PUTRAJAYA: Malaysia will proceed with the purchase of AstraZeneca Covid-19 vaccines as there has been no evidence that the vaccine causes blood clots, said National Covid-19 Immunisation Programme coordinating minister Khairy Jamaluddin.
He said AstraZeneca had informed Malaysia on the side effects of the vaccine and so far, there has been no data to indicate any direct link between the vaccine and reports of blood clots in people, which had resulted in deaths in a few countries.
“As of now, we will stick by our stand. The purchase of the AstraZeneca vaccines remains,” he told a joint press conference with health minister Dr Adham Baba on the development of the immunisation programme today.
Several countries such as Denmark, Norway, Iceland and Thailand have reportedly paused roll-out of AstraZeneca’s vaccine following reports of blood clots occurring in several individuals after being vaccinated. Italy and Austria have also stopped using several batches of the vaccine.
Khairy, the science, technology and innovation minister said the the ministry would study the clinical data on incidents that have occurred abroad to enable experts to draw conclusions on the vaccine use.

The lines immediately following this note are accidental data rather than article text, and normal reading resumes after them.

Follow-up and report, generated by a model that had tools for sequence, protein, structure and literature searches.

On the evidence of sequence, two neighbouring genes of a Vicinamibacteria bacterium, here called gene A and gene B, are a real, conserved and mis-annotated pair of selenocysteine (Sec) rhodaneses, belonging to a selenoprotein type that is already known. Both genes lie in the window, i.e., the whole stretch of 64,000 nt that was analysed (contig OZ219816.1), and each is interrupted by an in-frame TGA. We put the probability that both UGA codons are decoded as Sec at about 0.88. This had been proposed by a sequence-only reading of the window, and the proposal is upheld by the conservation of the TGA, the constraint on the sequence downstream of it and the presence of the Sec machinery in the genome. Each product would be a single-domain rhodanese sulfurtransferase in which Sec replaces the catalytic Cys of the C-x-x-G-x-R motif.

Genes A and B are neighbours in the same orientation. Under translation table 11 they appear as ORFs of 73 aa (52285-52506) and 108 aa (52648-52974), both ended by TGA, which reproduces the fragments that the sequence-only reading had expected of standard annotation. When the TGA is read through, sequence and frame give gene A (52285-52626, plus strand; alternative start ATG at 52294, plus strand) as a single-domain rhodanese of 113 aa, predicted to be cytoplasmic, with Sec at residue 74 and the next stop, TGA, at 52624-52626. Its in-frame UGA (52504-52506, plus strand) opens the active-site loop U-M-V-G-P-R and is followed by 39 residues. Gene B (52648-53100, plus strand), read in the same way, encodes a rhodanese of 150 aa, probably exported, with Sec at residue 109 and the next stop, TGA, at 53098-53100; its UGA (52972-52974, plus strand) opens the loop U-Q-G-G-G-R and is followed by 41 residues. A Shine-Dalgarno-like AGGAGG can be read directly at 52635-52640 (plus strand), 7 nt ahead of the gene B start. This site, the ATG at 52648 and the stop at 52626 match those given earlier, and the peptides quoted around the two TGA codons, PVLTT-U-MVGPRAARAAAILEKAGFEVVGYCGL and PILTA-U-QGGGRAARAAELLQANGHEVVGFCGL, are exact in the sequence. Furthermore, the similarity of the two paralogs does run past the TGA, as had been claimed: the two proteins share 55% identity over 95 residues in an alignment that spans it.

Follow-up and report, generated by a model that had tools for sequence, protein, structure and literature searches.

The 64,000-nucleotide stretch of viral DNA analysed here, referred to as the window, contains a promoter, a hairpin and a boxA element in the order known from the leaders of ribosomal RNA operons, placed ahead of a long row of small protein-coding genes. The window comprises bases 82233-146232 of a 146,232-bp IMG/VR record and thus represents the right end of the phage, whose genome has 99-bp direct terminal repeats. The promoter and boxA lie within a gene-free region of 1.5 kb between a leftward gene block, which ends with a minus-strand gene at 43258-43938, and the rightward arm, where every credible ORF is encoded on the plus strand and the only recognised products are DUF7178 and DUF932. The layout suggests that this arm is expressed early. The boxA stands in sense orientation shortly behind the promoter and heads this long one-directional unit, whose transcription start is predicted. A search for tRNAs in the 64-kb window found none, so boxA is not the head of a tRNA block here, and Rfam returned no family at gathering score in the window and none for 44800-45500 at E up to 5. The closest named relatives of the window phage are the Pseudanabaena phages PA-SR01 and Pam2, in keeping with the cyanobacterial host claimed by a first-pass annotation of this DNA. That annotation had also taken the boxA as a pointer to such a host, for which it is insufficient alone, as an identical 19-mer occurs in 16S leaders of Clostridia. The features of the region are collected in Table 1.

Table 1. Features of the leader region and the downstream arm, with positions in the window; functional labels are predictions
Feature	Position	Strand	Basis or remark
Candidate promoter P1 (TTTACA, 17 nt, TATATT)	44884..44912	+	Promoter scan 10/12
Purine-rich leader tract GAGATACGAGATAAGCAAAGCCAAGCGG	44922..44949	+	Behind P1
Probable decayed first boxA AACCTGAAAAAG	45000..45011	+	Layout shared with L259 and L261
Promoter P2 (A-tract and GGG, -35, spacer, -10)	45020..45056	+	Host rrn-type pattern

Adham said the National Pharmaceutical Regulatory Division (NPRA) conducts thorough studies on any vaccine to be used in Malaysia.
“We trust the NPRA’s decisions, and in the case of the AstraZeneca vaccine, we have looked into its quality and safety,” he said.
The Drug Control Authority on March 2 approved the conditional registration of AstraZeneca Covid-19 vaccine.
On another matter, Khairy said Malaysia would take delivery of additional Pfizer-BioNTech vaccines in stages for the first phase of the immunisation programme.
Today, 83,070 doses of the Pfizer-BioNTech vaccine were delivered while 124,020 doses will arrive on March 22 and another 125,190 on March 26, he said.
“Cumulatively, Malaysia will receive 1,000,350 doses of vaccine and this completes the delivery for the first quarter,” he said, adding that 100,000 doses of Sinovac vaccine were also delivered today.
Asked why Malaysia procured Covid-19 vaccines in large quantities, Khairy said the bulk purchase was to facilitate the mitigation process, which is to reduce the risk of delays in the delivery of vaccines to Malaysia.
“There is a possibility that we may need to give a ‘booster shot’ which is another dose next year if the pandemic remains, so it is good to have ready stock,” he said.
Khairy said the ministry was also looking into the possibility of vaccinating teenagers, adding that Pfizer-BioNTech and AstraZeneca manufacturers were already conducting clinical trials on individuals aged 12 to 19.